Despite resistance from some of the communities in its path and fiscal conservatives, a proposed high-speed rail line between Rochester and the Twin Cities called ZIP Rail is moving forward. The Minnesota Department of Transportation (Mn/DOT) announced two weeks ago that it intends to begin the $2.3 million first phase of an in-depth environmental study required for the project called an environmental impact statement (EIS). The entire study could cost around $7 million, and building the rail line is expected to cost roughly $2 billion to $4 billion. Meanwhile, bills are currently being discussed in state legislature that would ban public spending on ZIP Rail, including spending on the EIS.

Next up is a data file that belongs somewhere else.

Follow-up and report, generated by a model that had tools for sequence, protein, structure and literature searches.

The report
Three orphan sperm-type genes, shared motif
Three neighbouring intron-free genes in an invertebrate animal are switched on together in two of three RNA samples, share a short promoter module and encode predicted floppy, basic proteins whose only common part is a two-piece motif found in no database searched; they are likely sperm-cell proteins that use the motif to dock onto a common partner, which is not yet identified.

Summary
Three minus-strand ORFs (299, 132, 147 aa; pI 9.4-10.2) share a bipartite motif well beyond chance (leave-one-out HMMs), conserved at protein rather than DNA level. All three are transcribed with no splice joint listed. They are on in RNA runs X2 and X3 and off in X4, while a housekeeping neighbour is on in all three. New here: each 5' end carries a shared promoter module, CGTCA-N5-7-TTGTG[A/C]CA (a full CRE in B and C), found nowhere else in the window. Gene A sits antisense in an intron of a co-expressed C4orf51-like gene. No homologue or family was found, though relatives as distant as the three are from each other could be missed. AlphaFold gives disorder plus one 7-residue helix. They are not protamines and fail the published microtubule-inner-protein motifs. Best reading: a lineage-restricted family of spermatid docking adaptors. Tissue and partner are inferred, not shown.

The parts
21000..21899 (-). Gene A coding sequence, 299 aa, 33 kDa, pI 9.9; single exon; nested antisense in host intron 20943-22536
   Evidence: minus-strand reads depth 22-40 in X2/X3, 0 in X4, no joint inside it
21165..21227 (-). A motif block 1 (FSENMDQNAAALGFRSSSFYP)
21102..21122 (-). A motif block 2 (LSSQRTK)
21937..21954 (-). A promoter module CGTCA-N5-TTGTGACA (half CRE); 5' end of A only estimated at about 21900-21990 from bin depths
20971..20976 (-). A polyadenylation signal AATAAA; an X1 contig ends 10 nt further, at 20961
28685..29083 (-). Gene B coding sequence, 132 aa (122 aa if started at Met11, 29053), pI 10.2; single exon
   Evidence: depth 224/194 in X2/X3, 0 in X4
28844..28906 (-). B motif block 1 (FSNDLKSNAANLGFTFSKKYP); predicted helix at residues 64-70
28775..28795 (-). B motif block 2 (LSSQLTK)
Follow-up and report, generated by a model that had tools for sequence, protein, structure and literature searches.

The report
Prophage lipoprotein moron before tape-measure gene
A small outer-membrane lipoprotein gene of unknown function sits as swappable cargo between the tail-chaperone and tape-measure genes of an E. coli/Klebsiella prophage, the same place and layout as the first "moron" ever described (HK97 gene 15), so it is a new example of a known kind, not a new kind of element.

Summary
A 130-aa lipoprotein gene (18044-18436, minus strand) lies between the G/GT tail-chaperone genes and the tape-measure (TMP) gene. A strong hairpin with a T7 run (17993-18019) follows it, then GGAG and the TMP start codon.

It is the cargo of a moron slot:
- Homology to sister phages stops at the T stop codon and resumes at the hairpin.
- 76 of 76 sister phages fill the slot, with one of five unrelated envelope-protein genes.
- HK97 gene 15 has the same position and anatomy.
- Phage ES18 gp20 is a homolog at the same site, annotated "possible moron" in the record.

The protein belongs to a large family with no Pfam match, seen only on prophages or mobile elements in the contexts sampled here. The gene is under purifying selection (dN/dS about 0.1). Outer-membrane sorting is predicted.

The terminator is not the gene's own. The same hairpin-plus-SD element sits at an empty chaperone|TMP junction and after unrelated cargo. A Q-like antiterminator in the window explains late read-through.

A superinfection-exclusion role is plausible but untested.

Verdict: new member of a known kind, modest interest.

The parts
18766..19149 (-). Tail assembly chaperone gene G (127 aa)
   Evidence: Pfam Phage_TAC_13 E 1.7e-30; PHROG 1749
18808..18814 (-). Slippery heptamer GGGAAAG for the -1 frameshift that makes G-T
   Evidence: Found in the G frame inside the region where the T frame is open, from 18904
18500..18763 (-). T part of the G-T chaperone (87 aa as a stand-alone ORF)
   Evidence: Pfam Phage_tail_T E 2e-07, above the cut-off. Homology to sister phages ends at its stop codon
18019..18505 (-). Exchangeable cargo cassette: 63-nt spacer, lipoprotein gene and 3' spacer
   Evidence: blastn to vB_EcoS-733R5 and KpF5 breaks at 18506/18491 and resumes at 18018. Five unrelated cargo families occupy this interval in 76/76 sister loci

The ZIP Rail project would build a new high speed rail line sending trains between Rochester and the Twin Cities at speeds over 100 miles per hour. The project would require acquiring land for a brand new rail corridor through the plains of Olmsted, Dodge, Goodhue, Rice, and Dakota counties, as well as the metro area. Mn/DOT also has been working on plans for years for a high speed rail line connecting the Twin Cities and Chicago. The current proposed route for that Minneapolis to Chicago high speed line, known as the River Route, traces the Mississippi River and stops in Winona. While official state plans call for the development of both ZIP Rail and the River Route, some Winona leaders have warned that if the ZIP Rail project advances first, it might supplant the River Route as Minnesota’s segment of a Minneapolis to Chicago high speed rail line.